LTE handsets. Likewise, 4G applications and location-based services should be
seamless, perhaps through OMA standards, engineered to support both
wireless protocols on a global scale.

The User Plane Approach

While many standards developed for 2G (GSM) and 3G (UMTS) are based on a
control plane approach to delivering location information over wireless
networks, the OMA is focusing on the user plane—a more simple, cost-efficient
and, ultimately, a more powerful approach. User plane networks take the
location intelligence out of the carrier's mobile network elements and allow
handsets to connect directly to location servers through IP, where the servers
can be inside or outside the wireless service provider's network. The wireless
network is therefore transparent to location applications, eliminating the need
for carriers to build location performance directly in 4G networks, instead
relying on outside providers for application serving—something that they
already do very well.

Figure 3: Putting location awareness on the user plane makes the network transparent
and generic. (SOURCE: Polaris Wireless)

OMA has developed a standard for user plane location called Secure User Plane
Location (SUPL), providing a blueprint for how wireless location technology
should work on 4G networks. SUPL-enabled handsets—or SUPL-enabled
terminals (SET)—connect directly to SUPL servers through IP transport over
packet data services, taking advantage of this more powerful, flexible protocol.
The wireless data transport is transparent and generic, meaning that it can be
LTE, WiMAX or any other data protocol including GPRS/EDGE, UMTS/HSPA, EV-
DO or WiFi.
SUPL is a Key to Fast, Cost-Efficient 4G Deployments

The benefit to this user plane approach is that there is no need to populate the
carrier's network elements with location-specific intelligence since this function
has been off-loaded to the SUPL server. Likewise, carriers will not need to
upgrade their wireless network infrastructure—a costly, time-consuming
process and a major inhibitor to location services deployments today. For this
user plane approach, networks can be LTE, WiMAX or neither—it doesn't matter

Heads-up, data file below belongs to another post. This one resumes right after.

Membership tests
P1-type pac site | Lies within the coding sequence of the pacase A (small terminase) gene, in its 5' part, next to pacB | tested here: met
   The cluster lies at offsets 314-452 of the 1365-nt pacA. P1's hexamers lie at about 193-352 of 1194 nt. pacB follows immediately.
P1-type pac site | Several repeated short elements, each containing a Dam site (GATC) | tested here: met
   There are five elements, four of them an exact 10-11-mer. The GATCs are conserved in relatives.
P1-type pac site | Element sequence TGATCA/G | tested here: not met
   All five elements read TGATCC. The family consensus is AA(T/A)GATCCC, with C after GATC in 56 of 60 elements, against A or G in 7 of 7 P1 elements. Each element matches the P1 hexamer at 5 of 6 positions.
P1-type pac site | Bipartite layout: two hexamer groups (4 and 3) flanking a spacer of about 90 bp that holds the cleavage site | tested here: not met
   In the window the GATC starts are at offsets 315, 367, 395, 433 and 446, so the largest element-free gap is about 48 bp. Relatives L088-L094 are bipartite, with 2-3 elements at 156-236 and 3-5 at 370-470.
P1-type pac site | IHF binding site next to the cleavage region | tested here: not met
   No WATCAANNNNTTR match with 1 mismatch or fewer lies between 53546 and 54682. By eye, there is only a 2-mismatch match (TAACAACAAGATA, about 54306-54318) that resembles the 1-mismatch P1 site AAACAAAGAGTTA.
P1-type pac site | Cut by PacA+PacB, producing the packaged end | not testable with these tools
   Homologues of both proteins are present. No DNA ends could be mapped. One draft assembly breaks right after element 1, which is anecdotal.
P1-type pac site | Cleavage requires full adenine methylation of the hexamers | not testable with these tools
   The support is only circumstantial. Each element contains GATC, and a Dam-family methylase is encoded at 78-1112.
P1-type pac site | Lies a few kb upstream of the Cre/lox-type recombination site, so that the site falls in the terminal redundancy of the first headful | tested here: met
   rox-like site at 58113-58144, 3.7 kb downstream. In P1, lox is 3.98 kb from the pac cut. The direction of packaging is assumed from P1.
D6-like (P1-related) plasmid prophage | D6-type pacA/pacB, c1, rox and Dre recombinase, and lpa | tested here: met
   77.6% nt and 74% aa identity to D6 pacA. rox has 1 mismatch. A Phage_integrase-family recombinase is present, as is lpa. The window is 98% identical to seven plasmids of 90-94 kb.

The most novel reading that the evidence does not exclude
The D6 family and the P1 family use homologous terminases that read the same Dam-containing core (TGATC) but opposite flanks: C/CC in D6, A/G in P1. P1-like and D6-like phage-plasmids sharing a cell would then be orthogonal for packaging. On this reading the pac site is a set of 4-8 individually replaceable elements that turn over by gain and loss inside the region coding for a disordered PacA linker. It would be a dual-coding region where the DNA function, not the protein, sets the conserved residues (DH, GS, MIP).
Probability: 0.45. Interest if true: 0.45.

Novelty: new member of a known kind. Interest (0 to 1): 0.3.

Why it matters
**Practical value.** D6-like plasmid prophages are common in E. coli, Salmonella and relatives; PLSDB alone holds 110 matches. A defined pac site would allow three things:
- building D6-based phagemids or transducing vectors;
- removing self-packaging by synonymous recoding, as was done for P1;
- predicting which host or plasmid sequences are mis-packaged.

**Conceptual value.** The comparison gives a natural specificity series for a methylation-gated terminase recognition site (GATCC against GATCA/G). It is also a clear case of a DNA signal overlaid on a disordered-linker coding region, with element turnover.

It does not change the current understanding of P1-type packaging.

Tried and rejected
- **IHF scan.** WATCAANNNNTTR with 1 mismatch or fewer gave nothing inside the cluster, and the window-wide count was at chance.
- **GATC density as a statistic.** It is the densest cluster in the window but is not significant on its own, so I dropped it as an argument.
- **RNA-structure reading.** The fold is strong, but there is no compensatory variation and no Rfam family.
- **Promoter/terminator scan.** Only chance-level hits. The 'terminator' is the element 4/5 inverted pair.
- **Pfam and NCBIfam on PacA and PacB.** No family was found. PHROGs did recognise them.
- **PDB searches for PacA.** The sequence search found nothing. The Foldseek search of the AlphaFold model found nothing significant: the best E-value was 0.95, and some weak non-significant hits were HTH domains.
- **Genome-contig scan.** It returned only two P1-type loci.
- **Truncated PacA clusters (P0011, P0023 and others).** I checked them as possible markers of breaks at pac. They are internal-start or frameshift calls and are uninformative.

since the wireless network is completely transparent to location-based services
and 4G applications. Because carriers will not have to invest in upgrading
network hardware, SUPL environments will enable cheaper and faster
deployments of wireless location solutions—which promise to be leading
drivers of next-generation networks.

SUPL environments can run directly off the open Internet—but why would any
carrier want to? Private, closed networks are more secure, providing protection,
security and privacy while leveraging powerful authentication solutions to make
sure only authorized users and applications have access to location
information. Closed networks can also be engineered to be faster and more
reliable to support mission-critical applications than the open Internet
depending on the infrastructure investments carriers or enterprise customers
would be willing to make. SUPL environments could be a new revenue source
for carriers without requiring a major capital expense.

Having highly-accurate location-specific information not only opens the gate
for any number of useful business applications, the technology can introduce
valuable location information to existing mission-critical solutions. Companies
could amend their asset tracking solutions to monitor delivery trucks in real-
time and use the information to map out the most efficient routes based on
geography, traffic and even weather information. In addition, roadside
assistance companies could identify the closest tow truck to a customer
needing help, speeding assistance or making sure specific expertise is sent